As demonstrated in the table, accrual or disclosure of contingent liabilities in an entity’s financial statements is dependent on whether the entity prepares its accounts pursuant to US GAAP or IFRS, and further dependent on management’s estimate of the likelihood of the liability materializing.

Under US GAAP, accrual is dependent on an assessment of likelihood. Whilst it is understood that the intent of the principle (ASC 450-20-25) is to proscribe accrual of losses that relate to future periods and to prevent accrual in the financial statements of amounts so uncertain as to impair the integrity of those statements, the subjective judgement and estimates of management ultimately affect the financial information that is reported.

In the case of IFRS, the contingent liability is disclosed but not accrued. This necessitates a review of the accompanying notes to the financial statements. Further, per IAS 37.86 disclosure is not required if payment is remote.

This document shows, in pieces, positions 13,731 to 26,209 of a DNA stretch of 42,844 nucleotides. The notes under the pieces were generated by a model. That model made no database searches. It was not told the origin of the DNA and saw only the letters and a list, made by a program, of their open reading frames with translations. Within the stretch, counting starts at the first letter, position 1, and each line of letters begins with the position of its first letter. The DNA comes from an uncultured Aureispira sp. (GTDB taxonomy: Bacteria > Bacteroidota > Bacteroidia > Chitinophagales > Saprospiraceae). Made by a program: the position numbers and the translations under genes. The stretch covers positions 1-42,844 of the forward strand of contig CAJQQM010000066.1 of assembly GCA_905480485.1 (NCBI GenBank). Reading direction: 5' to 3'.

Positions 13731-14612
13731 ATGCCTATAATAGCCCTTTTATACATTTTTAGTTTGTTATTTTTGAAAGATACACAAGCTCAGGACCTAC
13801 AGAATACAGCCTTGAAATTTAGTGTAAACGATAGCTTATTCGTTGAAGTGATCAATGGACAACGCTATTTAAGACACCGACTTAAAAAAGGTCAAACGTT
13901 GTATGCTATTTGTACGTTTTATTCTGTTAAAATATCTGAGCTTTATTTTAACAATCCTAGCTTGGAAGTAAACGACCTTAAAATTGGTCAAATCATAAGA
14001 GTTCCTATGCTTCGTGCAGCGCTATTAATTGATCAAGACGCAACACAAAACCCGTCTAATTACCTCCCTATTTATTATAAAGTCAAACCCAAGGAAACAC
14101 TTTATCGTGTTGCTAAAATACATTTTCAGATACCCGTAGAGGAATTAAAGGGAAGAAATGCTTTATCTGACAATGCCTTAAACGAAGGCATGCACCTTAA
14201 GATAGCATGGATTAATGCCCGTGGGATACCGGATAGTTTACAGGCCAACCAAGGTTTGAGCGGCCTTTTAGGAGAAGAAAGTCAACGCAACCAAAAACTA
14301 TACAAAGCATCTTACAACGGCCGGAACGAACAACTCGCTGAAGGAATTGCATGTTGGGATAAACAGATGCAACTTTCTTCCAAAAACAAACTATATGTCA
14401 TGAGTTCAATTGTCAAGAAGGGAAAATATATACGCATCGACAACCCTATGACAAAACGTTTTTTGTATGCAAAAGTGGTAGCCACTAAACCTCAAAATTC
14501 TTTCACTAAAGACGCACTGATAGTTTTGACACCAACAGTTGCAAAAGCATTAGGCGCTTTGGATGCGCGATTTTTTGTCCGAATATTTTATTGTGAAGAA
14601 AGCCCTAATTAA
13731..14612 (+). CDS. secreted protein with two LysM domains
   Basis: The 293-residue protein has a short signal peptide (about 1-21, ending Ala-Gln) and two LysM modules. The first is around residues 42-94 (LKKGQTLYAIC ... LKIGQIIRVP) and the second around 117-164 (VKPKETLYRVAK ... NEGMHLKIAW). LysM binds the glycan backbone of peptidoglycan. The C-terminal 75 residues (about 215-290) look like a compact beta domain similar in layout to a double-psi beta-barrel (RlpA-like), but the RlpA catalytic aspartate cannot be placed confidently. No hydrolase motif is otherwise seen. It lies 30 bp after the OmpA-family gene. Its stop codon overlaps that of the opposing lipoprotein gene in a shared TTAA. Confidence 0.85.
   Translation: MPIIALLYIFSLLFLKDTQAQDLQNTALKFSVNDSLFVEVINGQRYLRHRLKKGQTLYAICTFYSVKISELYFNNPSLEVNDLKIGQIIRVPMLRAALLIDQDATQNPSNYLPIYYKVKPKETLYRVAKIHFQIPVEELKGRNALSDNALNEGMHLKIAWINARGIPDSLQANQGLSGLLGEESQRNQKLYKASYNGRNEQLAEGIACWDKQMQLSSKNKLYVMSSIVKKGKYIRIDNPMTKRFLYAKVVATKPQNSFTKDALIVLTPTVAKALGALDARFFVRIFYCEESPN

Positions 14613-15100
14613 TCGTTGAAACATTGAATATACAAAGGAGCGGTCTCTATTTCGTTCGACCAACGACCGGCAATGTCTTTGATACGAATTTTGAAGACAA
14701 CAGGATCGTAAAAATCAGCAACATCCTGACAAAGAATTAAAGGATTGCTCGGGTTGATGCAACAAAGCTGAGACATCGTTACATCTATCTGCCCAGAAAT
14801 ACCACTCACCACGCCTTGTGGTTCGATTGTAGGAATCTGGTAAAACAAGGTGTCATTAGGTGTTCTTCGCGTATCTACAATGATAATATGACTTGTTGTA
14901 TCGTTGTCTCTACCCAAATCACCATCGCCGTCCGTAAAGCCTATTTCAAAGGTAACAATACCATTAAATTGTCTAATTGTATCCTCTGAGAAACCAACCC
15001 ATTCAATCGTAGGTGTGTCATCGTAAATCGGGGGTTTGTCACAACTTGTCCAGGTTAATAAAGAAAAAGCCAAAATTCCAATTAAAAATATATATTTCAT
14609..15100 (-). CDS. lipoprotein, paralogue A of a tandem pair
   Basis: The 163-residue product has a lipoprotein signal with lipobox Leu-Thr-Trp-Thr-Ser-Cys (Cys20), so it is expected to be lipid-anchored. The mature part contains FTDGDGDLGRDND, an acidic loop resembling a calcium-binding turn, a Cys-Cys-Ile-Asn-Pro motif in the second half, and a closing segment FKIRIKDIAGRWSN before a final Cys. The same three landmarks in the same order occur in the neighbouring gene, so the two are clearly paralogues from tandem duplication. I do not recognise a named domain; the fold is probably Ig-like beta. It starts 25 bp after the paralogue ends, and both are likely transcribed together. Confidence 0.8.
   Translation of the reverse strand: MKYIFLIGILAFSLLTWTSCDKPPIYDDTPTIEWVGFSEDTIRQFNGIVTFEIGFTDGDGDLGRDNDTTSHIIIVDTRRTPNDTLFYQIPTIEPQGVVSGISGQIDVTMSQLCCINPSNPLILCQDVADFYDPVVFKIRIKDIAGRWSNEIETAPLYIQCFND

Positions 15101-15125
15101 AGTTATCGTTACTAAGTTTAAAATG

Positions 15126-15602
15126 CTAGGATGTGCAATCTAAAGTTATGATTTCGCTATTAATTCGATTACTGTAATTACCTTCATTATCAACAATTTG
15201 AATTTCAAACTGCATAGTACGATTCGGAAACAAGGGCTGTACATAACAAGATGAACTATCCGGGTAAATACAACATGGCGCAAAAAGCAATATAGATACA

See figure 1.

Figure 1

The challenge for the Cayman liquidator

The above could pose a challenge for a Cayman Islands liquidator seeking an independent or verified basis to identify contingent liabilities in a voluntary winding up of a company. His first point of reference (for material other than the management accounts) is typically the company’s audited financial statements.

As indicated above, these may not contain a reference to a contingent liability.  He can also make enquiries of management, but you would assume that management who did not consider liabilities sufficiently likely or proximate to make provision for, might not raise them with the liquidator.  And, of course, management may have opted to avoid recording such obligations to enhance performance, or because of an inherent belief that the liability is not real.  This is a typical problem in the case of legal disputes, or tax liabilities (the latter a particular risk in offshore entities where the fact of offshore establishment may make management consider they are immune from onshore tax obligations).